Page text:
Of course, Pitocin, like every other drug, should not be used unless necessary or medically beneficial. If a doctor — or midwife! — is using Pitocin to speed up your labor simply so they can get done and get gone, that is *ahem* not a medical reason. Some doctors tend to have the idea that labor should never plateau, go slow, sputter, or even stop. That tends to be not allowed. “The labor curve must be followed, at all costs!” [Only slightly tongue-in-cheek.] Some doctors use Pitocin on all women — a few of the stories in either the blog posts themselves or the ensuing comments mentioned this — one doula said that her client was told sometime towards the end of her pregnancy, before labor even began, that she would be started on Pit when she got to the hospital; another L&D nurse expressed frustration that Pit orders were written up for a woman before she was even admitted and assessed (the doctor did it when s/he called to tell them the patient was on her way).

What can you do about it? First — trust your doctor. Seriously — pick a doctor or midwife you can trust. This will entail more than just picking a name out of the yellow pages, or from your insurance company’s “preferred provider” list, or asking your friends who they went with. You wouldn’t have agreed to marry your husband based solely on someone else’s recommendation, nor picking a name at random from a list of “available men”; you probably wouldn’t buy a car just from a description, without even test-driving it, so why on earth would you choose the birth attendant based on such little information? Ask questions, and look for red-flag answers, including such nebulous answers as “only when necessary.” As some of the posts have showed, some doctors apparently consider a 100% Pitocin rate to be “necessary.” Unfortunately, some care providers merely provide a bait-and-switch — appearing to be one thing during prenatal visits, and morphing into somebody completely unrecognizable during labor and birth. Not much you can do about that, except being aware that it can happen, and trying to make sure it doesn’t happen to you. Of course, another possibility is that your favorite care provider will be unable to attend your birth, leaving you with someone else who may not share his/her philosophy.

Second, make nice with your nurse. She will be the one actually managing your labor (or being hands-off), so having her on your side can make the difference between having your wishes followed and having them brushed aside as unimportant. You don’t have to call it “bribery,” but you’ll catch more flies with honey than with vinegar. Something like candy bars (perhaps Snickers, “packed with peanuts” or some other thing that has protein in it) is quick and easy for you to have in your room, to give to your nurse when she first meets you in your room — greasing the wheels and all that. Of course, if she’s on a diet, that might not be the best; but you could think of something else that might go over well that’s not just a carby, starchy, sweet thing to eat (mixed nuts? shrimp tray? — a little difficult to get if rushing to the hospital, but if you’ve got the time, you’ve got more options). If she’s going to advocate for you, you don’t want her weakening due to an empty stomach! ūüôā [Also, if you’ve got food in your room, it’s easier for you to eat it without appearing obvious, in case your hospital has rules against moms eating while in labor. Just note, that may be their rules, but not necessarily your rules.]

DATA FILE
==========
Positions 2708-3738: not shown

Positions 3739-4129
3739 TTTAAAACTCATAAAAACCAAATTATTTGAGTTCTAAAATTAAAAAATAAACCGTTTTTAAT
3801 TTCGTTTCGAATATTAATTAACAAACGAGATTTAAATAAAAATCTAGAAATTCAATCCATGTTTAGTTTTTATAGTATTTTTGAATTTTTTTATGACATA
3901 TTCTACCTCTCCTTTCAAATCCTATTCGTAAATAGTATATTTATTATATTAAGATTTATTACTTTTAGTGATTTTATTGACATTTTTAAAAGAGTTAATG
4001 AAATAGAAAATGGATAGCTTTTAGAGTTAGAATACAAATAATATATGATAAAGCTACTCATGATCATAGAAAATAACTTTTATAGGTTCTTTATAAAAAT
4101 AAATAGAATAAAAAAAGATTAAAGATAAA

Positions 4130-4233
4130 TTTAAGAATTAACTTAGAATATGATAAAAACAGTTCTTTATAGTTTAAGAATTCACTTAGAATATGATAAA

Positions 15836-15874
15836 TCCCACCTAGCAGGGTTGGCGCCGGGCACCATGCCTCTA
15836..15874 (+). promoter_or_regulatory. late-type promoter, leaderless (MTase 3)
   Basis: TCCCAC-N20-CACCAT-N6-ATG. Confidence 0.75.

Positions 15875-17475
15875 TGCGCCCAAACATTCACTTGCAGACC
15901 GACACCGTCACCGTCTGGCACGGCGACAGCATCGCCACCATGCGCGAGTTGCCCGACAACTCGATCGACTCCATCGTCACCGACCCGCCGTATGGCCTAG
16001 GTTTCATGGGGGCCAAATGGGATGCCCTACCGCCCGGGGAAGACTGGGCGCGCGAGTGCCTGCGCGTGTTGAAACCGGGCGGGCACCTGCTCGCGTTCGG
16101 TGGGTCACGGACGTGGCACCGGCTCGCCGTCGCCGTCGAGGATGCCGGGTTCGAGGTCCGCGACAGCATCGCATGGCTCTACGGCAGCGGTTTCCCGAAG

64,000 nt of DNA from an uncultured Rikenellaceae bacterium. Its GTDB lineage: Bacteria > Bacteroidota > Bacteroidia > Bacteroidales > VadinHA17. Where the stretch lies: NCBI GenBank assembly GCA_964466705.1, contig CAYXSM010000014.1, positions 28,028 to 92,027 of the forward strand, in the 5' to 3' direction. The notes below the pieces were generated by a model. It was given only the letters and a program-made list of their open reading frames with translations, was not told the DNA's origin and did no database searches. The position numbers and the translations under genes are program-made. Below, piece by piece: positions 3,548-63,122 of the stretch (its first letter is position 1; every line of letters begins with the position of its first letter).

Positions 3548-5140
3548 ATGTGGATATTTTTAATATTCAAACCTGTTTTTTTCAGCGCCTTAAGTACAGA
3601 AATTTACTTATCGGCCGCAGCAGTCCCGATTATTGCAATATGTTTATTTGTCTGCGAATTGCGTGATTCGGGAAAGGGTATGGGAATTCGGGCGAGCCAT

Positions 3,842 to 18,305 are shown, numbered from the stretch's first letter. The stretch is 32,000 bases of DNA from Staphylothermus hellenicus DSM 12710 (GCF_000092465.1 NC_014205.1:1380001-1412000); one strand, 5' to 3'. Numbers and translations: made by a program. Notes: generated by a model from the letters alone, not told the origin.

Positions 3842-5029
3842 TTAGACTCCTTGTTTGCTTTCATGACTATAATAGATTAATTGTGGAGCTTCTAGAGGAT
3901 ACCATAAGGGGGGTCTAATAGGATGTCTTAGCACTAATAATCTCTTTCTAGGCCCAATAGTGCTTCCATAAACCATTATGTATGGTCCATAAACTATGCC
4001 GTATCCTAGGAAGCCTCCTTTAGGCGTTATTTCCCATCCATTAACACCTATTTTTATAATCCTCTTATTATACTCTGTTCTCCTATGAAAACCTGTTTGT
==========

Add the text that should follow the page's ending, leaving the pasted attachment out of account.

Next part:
Third, educate yourself — know how Pitocin is administered and what you should be looking for when having it — not just the negative side effects like contractions too close together, but also the desired effect of contraction strength and/or pattern. Ideally, you shouldn’t have to do this, but it wouldn’t hurt to know. Know also that you can ask that Pitocin be stopped and/or turned down — it is not at all unusual for labor to continue on its own and in a good pattern after having been jump-started by Pitocin. If you are contracting at an adequate pace, and/or are dilating sufficiently (although I will stress that dilation is not the only way for labor to progress), but a nurse is continuing to up the Pit, you can ask why and/or request that she stop increasing the Pit and perhaps even reduce it or turn it off. Certainly you should know the symptoms of your uterus being overstimulated, so you can be more effective when requesting or demanding that the Pit be turned down. I’ve read several stories (including some comments on these posts I’ve linked to) of women who were hyperstimming, but didn’t know they could ask that the Pit be turned down — some even thought that their level of pain and/or contractions was normal, since “labor is supposed to hurt.” If your nurse won’t turn it down even though you are clinically contracting too frequently, request a new nurse or to speak to the nurse in charge. Of course, if you’re in labor and particularly if you’re having back-to-back contractions, this won’t be easy for you to do, so this is where a doula or other labor attendant (husband, etc.) comes in.

Hopefully, you will never need this information. But if you do, I want you to know it.

Births by the day of the week

On page 53 of the 2006 National Vital Statistics Report (released Jan. 7, 2009), there was an interesting little chart: number of births by the day of the week. Not surprisingly, there were the fewest births over the weekend. Monday through Friday there were about 12,000-13,000 births per day; but on Saturday and Sunday there were only 7,000-8,000.

Of course, it shouldn’t be that way — there should be an even distribution. But there’s not. Reason being, that doctors are trying to practice “daylight obstetrics”, so they will induce or section a woman who doesn’t go into labor or give birth on their time table. I’ve read somewhere (but don’t have a link) that the birth rates right before holidays, especially long holiday weekends, is much higher than normal — doctors want to have the time off, so will make sure all the women they think might go into labor while they’re playing golf, or relaxing around the pool, or spending time with family, have already given birth before they leave.